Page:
Jul 30, 2014

Gay and Bisexual Men vs the FDA: Let Us Donate Blood

           
  As most people know, there is a ban on gay and bisexual men donating blood. The ban on blood donation from gay and bisexual men was put into effect by the FDA in 1983. There is a petition on the White House’s website to strike down a decades-old, extremely outdated ban. The deadline for signatures is July 31, 2014. The ban was placed during the time when HIV/AIDS became a prevalent illness in the country and tests for diagnosis of HIV/AIDS didn’t exist. Before AIDS was known as AIDS, it was called GRID, or gay-related immunodeficiency disease. Gay men were thought to be the origin of the disease in the United States and the primary cause of it, so in order to prevent further spread, gay men were banned from donating blood.
                On July 11, 2014, the second National Gay Blood Drive took place in 61 cities across the country. Gay men showed up to donation centers with and ally or proxy, a straight friend or family member that would donate in their place. Some of the gay men filled out the paperwork only to be denied. They did this so that the organizers could send the paperwork, along with postcards written by the men on why they want to donate blood, to the FDA to show the number of gay men willing to donate if they could. It’s surprising and heartbreaking to see that there’s a huge shortage and that the amount of gay and bisexual men that want to donate could majorly offset the shortage.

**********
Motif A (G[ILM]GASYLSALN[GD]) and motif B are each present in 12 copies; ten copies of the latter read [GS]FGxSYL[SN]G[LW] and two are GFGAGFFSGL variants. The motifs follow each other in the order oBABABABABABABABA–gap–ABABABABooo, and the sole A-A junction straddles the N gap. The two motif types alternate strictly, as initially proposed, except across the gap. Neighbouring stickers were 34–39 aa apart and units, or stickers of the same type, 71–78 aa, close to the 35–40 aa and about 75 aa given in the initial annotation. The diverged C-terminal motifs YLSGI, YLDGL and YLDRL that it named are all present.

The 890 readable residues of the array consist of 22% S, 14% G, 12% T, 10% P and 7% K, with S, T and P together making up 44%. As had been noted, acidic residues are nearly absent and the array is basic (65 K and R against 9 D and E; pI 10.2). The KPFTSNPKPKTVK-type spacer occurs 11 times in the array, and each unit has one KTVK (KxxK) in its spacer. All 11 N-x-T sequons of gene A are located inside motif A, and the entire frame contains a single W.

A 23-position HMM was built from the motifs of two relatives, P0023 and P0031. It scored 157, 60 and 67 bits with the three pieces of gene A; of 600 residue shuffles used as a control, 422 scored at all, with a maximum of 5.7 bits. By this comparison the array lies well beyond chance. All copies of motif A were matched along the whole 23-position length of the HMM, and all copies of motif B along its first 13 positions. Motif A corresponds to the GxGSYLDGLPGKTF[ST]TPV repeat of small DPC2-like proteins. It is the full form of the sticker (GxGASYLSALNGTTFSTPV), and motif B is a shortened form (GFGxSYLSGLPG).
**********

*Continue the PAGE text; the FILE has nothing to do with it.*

The AMA (American Medical Association) voted to
end the ban last year after recognizing the new techniques for screening donated blood for HIV/AIDS. Dr. William Kobler, an AMA board member, made a statement after the vote saying, “The lifetime ban on blood donation for men who have sex with men is discriminatory and not based on sound science. This new policy urges a federal policy change to ensure blood donation bans or deferrals are applied to donors according to their individual level of risk and are not based on sexual orientation alone.” The FDA’s spokesperson was asked by TIME if the FDA would lift the ban on donations, and they said that they were willing to consider changing its policy, but only if available data showed that lifting the ban provided no additional risk to people receiving donated blood.  The FDA also responded with a separate e-mail, “Although scientific evidence has not yet demonstrated that blood donated by MSM (men that have sex with men) or a subgroup of these potential donors does not have a substantially increased rate of HIV infection compared to currently accepted blood donors, the FDA remains willing to consider new approaches to donor screening and testing.”
                Gay and bisexual men should be allowed to donate blood. Just because the ban has been in place, doesn’t mean it should remain in place. Change happens for a reason. The rules in place are archaic and improvements have been made so people won’t receive blood from HIV positive people. There’s no reason now to not let people save lives if they wish to.
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